THIS week in Yester Years we are taking a look back to one of Warrington’s most historic buildings.

Bewsey Old Hall is now home to plush flats, But its history dates back centuries.

It remains one of the most recognisable buildings in Warrington – even if its more recent history is dominated by fires and planning battles.

Bewsey Old Hall was originally built by William Fitz Almeric le Boteler and was home to the Lords of Warrington from the 13th Century for many generations.

The Boteler family names lives on in Warrington thanks to the school in Latchford among others.

A monastic grange existed in the site prior to the hall being built.

The largely Jacobean building is currently of three storey construction, with distinctive chimneys and stone mullion windows.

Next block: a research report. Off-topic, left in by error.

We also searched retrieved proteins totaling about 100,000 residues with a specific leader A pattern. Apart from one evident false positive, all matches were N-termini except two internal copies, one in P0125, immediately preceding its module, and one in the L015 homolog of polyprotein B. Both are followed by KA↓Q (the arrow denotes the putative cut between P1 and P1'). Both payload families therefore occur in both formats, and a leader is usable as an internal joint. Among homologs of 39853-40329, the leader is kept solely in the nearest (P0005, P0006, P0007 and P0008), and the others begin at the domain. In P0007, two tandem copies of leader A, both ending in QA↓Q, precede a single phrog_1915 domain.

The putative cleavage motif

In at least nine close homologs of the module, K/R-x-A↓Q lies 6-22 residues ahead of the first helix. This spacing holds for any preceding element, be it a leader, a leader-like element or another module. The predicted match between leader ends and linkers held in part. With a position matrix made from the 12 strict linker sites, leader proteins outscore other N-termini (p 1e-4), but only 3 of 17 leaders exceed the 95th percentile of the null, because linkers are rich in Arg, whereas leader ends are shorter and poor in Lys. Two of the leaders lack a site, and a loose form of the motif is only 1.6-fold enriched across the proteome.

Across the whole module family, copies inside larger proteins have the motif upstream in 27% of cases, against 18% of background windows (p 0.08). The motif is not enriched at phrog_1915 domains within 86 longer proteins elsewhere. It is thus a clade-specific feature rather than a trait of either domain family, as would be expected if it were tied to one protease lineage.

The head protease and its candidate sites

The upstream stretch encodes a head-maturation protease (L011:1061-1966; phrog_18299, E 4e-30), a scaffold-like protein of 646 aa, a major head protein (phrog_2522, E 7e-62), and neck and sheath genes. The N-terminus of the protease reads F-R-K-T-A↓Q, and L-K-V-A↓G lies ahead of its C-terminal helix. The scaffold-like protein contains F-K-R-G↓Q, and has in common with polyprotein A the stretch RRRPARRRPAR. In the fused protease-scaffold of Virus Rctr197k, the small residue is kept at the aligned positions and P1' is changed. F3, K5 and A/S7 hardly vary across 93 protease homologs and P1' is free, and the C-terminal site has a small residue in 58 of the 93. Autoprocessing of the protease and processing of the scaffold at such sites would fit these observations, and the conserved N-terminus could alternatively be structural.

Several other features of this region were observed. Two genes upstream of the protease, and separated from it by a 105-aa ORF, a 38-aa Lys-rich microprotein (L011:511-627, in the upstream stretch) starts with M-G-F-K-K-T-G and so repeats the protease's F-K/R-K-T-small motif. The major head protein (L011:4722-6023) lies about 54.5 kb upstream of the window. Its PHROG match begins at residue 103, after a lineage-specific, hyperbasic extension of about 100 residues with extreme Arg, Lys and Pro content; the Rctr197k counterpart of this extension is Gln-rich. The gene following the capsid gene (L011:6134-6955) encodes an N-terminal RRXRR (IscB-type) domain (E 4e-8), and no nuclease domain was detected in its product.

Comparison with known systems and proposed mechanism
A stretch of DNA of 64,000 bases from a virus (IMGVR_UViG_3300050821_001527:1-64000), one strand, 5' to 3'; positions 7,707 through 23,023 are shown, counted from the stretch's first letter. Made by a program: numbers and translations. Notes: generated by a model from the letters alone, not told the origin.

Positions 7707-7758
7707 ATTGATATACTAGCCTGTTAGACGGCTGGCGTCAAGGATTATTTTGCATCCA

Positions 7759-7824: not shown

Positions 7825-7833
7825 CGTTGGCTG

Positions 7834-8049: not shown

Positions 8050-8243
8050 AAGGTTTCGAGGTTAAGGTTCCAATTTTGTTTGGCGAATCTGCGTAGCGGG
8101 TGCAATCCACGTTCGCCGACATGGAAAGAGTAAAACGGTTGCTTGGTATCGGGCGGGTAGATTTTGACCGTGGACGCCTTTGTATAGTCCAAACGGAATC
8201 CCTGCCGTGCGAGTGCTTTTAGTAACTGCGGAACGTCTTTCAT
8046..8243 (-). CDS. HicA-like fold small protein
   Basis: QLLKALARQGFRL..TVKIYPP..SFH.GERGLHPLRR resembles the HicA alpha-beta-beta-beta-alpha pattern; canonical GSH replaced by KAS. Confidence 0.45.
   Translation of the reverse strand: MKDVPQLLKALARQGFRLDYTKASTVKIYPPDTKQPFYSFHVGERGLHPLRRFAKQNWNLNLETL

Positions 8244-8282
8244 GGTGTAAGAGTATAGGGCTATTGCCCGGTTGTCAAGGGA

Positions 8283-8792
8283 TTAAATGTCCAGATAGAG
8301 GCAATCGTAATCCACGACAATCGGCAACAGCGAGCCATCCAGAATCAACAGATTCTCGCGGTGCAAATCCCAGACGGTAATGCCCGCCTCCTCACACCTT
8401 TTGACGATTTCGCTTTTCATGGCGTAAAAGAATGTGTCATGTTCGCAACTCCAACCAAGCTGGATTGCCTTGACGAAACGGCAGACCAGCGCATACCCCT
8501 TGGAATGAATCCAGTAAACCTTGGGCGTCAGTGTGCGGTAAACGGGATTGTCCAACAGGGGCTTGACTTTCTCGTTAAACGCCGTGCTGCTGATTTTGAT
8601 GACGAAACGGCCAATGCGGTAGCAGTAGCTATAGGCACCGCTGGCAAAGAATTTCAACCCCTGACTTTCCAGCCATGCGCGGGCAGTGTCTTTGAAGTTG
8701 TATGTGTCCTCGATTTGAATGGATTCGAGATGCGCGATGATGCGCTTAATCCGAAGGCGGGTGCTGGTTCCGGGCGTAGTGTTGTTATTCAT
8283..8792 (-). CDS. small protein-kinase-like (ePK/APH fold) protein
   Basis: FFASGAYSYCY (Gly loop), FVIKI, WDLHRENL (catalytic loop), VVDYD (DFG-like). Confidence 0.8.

This is likely to be the work of Sir Thomas Ireland who was knighted at Bewsey in 1617 by King James 1.

Only a small portion of the original building remains today, but since the late 1970s much historical, architectural and archaeological investigation has taken place to reveal the importance of the site.

In the 1980s, during archaeological excavations, a number of artefacts were found in the hall.

These included a medieval leather shoe, pottery, coins and a seal die carrying the impression of a rabbit which dates back to the 14th Century.

A statue of Lady Isabella le Boteler, the wife of the 12th Baron, can be found in the yew maze which has now fallen into disrepair and a mosaic effigy of her son, Sir John, also lies nearby.

Lady Isabella was abducted from the Hall and forced to marry William Pulle in Wales in 1437.

She was eventually rescued by Sir Thomas Stanley.

A planning battle against plans to turn the home into flats raged during much of the early part of the 2000s.

But that was eventually won by developers Urban Splash who have since converted the building into flats.